While millions have moved onto the streets in struggle to stand in solidarity with the Palestinian masses as Gaza faces the relentless nightmare of genocide, Starmer went the extra mile to show just how committed he is to the very same geocidal system. Starmer has lined up with the rest of the establishment  in defence of the Israeli state’s actions. His promise to increase arms spending and refusal to condemn the genocide shows how comfortable he will be to lead a pro-war, pro-imperialist government. 23,000 Labour members have left the party due to Starmer’s callous position on Palestine. 

Aligning himself with the rotten, right-wing transphobic and racist bigotry of the Tories and Reform, Starmer has also increasingly adopted anti-trans policies. For example in supporting the Cass Review which will undermine trans healthcare, and agreeing with decisions to ban trans women from female-only hospital wards. He has also pledged to crack down on immigration and ‘stop the boats’ more effectively than the Tories. His original pledge to spend £28  billion on implementing a green transition to tackle the climate crisis has now been cut to £4 billion. This doesn’t even amount to a drop in the ocean when it comes to what is necessary. 

A promise to manage capitalism and continue the “culture war” policies more competently than the Tories is not real change! Starmer has exposed himself to be no real alternative to the status quo when it comes to selling out ordinary people and the future generations.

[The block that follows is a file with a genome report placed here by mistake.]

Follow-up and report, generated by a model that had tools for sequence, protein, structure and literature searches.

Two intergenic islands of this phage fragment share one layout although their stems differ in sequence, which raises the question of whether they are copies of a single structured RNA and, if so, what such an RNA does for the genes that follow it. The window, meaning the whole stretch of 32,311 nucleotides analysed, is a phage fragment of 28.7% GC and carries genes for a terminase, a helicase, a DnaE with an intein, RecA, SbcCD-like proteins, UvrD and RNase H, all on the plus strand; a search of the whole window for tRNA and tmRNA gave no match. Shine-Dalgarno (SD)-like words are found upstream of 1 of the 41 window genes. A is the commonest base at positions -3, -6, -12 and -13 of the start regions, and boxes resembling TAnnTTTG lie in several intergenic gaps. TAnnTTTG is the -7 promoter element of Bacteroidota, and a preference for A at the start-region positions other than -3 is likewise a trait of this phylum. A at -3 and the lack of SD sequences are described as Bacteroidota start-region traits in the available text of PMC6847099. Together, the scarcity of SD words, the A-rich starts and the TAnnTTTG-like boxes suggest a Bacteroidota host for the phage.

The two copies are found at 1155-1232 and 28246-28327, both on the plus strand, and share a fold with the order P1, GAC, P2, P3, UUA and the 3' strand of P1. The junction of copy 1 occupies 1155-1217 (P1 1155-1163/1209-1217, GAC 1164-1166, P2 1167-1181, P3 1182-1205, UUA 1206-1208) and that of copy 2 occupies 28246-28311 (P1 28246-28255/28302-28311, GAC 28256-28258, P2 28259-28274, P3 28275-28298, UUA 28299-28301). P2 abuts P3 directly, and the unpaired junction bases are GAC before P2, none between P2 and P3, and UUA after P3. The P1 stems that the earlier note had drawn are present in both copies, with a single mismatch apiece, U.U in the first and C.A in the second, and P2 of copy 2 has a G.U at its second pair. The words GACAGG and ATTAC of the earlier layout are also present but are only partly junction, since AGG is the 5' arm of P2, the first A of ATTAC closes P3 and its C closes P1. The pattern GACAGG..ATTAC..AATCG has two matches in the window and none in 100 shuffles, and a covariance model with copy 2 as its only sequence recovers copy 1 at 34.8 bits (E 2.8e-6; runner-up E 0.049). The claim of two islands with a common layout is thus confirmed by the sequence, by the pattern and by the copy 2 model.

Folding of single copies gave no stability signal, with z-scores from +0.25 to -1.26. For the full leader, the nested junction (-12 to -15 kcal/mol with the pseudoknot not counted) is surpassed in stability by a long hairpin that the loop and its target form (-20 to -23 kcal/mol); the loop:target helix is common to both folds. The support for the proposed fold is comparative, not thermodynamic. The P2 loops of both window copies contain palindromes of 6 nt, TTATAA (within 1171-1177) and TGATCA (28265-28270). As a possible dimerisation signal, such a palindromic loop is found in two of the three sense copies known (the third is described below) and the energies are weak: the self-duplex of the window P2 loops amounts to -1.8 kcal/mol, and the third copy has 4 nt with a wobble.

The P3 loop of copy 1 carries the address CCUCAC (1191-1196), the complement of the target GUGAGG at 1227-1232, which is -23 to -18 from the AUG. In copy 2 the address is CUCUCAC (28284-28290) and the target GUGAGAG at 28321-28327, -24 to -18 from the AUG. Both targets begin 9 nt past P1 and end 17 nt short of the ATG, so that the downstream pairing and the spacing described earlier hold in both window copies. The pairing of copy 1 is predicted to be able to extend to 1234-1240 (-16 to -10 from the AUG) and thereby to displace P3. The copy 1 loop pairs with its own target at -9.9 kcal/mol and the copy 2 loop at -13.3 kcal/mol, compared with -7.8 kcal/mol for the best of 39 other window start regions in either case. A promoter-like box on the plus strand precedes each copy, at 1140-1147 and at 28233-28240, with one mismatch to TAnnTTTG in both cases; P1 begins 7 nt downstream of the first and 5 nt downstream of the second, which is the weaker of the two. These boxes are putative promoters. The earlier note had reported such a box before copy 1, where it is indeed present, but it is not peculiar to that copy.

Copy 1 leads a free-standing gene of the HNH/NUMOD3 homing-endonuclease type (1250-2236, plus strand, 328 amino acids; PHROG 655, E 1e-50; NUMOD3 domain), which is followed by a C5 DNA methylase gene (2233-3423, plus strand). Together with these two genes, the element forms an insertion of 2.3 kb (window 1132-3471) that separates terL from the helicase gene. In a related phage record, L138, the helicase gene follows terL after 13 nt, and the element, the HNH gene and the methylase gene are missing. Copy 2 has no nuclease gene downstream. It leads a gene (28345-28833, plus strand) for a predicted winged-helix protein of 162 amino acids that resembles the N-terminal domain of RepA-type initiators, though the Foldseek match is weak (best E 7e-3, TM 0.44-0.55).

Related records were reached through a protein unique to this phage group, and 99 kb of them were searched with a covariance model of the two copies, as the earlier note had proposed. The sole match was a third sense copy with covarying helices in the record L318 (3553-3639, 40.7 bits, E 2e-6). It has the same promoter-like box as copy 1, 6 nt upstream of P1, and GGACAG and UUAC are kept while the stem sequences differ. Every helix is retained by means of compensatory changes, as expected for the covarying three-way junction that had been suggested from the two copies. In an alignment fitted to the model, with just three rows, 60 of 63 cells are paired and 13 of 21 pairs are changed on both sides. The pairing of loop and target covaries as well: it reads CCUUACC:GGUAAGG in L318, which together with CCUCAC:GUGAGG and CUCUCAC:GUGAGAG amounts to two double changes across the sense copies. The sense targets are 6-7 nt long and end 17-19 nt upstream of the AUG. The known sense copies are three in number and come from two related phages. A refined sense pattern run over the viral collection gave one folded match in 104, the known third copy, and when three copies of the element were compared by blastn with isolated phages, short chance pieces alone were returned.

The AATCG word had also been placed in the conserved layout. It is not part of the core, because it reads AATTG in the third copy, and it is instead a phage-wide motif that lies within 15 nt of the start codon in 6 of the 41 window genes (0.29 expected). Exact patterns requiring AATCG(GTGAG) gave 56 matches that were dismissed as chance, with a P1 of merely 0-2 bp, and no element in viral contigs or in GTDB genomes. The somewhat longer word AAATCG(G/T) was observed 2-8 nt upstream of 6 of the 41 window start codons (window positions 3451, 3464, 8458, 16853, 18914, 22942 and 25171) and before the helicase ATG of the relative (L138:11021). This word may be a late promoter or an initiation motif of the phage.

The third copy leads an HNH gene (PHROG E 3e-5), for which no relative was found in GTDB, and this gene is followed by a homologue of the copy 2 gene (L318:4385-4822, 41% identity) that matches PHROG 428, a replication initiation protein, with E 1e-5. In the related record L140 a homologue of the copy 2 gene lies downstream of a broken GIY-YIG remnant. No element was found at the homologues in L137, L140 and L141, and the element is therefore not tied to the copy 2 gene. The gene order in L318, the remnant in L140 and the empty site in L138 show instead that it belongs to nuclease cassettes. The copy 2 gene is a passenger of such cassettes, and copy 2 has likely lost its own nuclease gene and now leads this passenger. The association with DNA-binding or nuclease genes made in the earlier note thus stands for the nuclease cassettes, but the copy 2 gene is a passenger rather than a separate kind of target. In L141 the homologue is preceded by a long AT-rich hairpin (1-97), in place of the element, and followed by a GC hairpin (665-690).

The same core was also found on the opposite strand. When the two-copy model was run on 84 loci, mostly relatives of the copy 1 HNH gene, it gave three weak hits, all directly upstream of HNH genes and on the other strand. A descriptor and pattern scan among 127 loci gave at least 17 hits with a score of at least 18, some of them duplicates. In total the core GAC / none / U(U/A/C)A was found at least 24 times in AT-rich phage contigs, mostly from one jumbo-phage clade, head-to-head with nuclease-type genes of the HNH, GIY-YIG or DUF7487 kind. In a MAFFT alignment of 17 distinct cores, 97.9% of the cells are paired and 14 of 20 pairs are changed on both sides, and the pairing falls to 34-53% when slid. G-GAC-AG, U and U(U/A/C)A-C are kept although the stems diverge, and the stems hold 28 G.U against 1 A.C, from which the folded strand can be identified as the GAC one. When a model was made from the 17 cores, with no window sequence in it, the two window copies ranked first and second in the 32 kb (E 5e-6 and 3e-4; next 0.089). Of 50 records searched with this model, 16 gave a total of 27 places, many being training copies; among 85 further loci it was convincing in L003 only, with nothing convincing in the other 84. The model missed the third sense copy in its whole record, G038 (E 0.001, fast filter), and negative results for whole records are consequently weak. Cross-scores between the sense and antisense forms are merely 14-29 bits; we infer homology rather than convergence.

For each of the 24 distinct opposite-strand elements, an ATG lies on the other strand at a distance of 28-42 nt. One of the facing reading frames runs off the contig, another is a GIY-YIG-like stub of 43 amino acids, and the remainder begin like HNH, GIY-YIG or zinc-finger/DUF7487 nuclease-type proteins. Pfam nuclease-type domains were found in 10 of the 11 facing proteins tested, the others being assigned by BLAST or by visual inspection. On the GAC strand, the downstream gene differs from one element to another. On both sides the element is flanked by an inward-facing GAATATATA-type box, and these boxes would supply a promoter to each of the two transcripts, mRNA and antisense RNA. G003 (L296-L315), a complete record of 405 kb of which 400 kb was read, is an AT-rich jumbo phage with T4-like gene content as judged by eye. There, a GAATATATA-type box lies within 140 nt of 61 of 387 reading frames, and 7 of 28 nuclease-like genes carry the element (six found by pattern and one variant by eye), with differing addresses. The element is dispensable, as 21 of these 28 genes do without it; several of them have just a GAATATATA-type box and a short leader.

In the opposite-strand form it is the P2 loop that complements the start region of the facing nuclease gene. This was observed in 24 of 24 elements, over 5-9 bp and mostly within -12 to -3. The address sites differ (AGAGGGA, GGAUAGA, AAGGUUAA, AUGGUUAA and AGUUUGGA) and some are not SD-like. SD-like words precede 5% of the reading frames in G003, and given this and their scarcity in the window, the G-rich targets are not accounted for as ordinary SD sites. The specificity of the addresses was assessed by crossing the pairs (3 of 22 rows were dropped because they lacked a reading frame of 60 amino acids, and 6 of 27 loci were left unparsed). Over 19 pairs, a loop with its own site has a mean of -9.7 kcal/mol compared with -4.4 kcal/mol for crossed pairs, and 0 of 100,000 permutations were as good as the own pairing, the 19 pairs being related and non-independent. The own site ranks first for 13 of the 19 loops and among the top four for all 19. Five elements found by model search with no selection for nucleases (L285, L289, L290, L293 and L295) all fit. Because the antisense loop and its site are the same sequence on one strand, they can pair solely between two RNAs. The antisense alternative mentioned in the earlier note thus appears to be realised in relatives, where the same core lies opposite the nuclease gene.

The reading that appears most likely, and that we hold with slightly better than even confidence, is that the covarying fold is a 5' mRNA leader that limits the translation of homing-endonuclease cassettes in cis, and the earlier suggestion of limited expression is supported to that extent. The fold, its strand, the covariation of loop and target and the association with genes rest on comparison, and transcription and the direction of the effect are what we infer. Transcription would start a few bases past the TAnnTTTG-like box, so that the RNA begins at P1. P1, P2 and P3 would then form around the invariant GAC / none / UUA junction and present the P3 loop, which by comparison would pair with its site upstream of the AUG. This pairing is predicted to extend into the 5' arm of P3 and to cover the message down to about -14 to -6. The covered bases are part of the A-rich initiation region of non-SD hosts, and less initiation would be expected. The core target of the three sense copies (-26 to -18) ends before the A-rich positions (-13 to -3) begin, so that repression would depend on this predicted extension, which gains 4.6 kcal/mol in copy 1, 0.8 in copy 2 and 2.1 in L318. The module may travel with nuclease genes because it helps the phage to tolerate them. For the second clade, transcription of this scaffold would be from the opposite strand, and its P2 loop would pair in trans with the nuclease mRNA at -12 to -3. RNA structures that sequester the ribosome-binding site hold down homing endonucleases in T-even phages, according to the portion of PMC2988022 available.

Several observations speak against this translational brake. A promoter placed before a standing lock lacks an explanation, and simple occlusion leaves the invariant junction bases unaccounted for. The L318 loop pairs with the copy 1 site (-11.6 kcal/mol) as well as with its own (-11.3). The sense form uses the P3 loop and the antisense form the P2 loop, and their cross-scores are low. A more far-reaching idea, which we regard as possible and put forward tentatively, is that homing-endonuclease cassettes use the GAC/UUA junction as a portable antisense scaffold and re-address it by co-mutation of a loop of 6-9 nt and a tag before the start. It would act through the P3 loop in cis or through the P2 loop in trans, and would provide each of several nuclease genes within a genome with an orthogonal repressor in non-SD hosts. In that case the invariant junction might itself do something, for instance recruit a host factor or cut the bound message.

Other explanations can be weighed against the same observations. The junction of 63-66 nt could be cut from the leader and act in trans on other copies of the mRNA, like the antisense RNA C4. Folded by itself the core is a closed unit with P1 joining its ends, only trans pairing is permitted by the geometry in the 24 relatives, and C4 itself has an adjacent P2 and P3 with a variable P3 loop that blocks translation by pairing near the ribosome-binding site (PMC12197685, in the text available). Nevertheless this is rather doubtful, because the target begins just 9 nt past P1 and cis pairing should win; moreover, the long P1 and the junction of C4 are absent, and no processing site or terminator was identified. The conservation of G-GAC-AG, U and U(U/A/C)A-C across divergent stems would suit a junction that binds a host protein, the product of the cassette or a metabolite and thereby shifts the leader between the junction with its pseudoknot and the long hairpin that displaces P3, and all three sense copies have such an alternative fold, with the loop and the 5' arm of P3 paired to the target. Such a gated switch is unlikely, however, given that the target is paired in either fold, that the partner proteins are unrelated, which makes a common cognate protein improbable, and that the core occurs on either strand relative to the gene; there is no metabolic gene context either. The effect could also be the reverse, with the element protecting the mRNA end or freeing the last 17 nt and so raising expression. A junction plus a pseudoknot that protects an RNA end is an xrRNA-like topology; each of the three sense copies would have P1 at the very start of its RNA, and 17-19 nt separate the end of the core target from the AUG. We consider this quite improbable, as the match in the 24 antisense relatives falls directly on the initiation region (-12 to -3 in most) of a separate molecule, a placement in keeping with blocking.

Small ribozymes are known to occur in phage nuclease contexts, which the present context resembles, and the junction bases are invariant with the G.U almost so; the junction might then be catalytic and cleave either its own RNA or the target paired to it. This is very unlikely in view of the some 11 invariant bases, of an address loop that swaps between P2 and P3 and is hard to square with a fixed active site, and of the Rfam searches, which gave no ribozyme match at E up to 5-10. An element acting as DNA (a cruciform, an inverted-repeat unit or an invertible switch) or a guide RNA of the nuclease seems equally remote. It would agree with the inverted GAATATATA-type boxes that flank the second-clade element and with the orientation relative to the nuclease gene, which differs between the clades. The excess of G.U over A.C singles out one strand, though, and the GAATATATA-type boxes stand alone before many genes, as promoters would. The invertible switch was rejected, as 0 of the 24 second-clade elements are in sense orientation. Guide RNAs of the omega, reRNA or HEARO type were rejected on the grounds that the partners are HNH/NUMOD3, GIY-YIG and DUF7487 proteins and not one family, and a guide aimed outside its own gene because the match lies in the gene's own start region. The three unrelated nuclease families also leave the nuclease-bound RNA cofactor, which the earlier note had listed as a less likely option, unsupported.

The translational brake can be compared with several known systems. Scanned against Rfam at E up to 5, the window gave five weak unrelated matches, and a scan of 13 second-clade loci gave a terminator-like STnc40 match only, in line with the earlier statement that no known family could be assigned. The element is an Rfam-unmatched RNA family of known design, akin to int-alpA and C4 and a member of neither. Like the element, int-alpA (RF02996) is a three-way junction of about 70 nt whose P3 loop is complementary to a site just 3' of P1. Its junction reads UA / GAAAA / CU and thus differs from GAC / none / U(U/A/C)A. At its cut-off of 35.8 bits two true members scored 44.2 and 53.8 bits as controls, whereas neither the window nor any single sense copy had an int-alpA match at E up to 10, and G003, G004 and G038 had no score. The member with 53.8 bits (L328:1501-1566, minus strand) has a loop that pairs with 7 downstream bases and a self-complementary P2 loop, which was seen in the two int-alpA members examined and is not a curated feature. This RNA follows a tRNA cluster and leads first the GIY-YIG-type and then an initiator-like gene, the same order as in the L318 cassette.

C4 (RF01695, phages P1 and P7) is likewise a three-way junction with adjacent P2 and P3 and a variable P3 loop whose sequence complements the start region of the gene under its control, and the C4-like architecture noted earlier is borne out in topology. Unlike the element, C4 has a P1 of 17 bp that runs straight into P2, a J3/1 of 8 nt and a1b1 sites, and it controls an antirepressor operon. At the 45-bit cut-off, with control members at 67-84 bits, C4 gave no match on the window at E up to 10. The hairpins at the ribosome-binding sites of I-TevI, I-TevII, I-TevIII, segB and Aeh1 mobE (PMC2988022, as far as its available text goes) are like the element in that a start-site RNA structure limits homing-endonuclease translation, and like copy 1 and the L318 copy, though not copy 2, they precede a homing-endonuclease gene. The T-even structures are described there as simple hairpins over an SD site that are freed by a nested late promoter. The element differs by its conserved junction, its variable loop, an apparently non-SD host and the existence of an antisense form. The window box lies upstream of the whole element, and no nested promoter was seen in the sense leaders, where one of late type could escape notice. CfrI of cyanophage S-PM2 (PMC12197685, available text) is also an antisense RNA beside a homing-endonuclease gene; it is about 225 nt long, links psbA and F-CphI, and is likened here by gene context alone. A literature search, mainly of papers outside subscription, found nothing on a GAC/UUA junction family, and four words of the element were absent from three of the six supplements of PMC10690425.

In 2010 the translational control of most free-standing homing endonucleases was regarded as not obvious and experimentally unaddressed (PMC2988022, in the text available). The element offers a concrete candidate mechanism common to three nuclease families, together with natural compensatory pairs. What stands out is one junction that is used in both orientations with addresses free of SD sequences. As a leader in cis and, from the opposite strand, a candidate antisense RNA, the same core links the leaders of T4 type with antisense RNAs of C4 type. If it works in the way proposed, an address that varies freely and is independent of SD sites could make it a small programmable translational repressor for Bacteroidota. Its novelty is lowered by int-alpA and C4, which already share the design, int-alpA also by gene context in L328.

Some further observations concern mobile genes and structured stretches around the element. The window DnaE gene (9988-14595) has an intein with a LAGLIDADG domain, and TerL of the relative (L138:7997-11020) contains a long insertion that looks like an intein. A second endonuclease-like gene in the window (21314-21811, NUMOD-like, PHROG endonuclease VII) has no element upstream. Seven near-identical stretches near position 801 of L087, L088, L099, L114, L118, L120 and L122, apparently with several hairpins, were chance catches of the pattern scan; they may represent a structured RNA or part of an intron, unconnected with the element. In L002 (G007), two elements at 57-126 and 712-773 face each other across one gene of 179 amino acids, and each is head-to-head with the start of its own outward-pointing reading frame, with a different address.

In Scotland, as the crisis continues to deepen for the SNP, Labour is reaping the benefits. Support for the SNP is crumbling. Labour’s vote share now stands at 39%; the SNP at 29%. This is respectively the highest and lowest the vote share has been for the two parties since the 2014 independence referendum. 

This does not mean a lessening of support for independence in Scotland, but rather an inevitable exhaustion with the failed strategy of the SNP focusing on parliamentary, legal manoeuvres and refusing to challenge the system which prioritises the profits of a few over the needs of the many. Working class and young people are correctly drawing the conclusion that the SNP have no way forward and are incapable of delivering on the aspirations tied up with independence that so many hold. If the political difference between the SNP and Labour is decreasing – why not vote for the party that will get the Tories out? 

Alternative must be built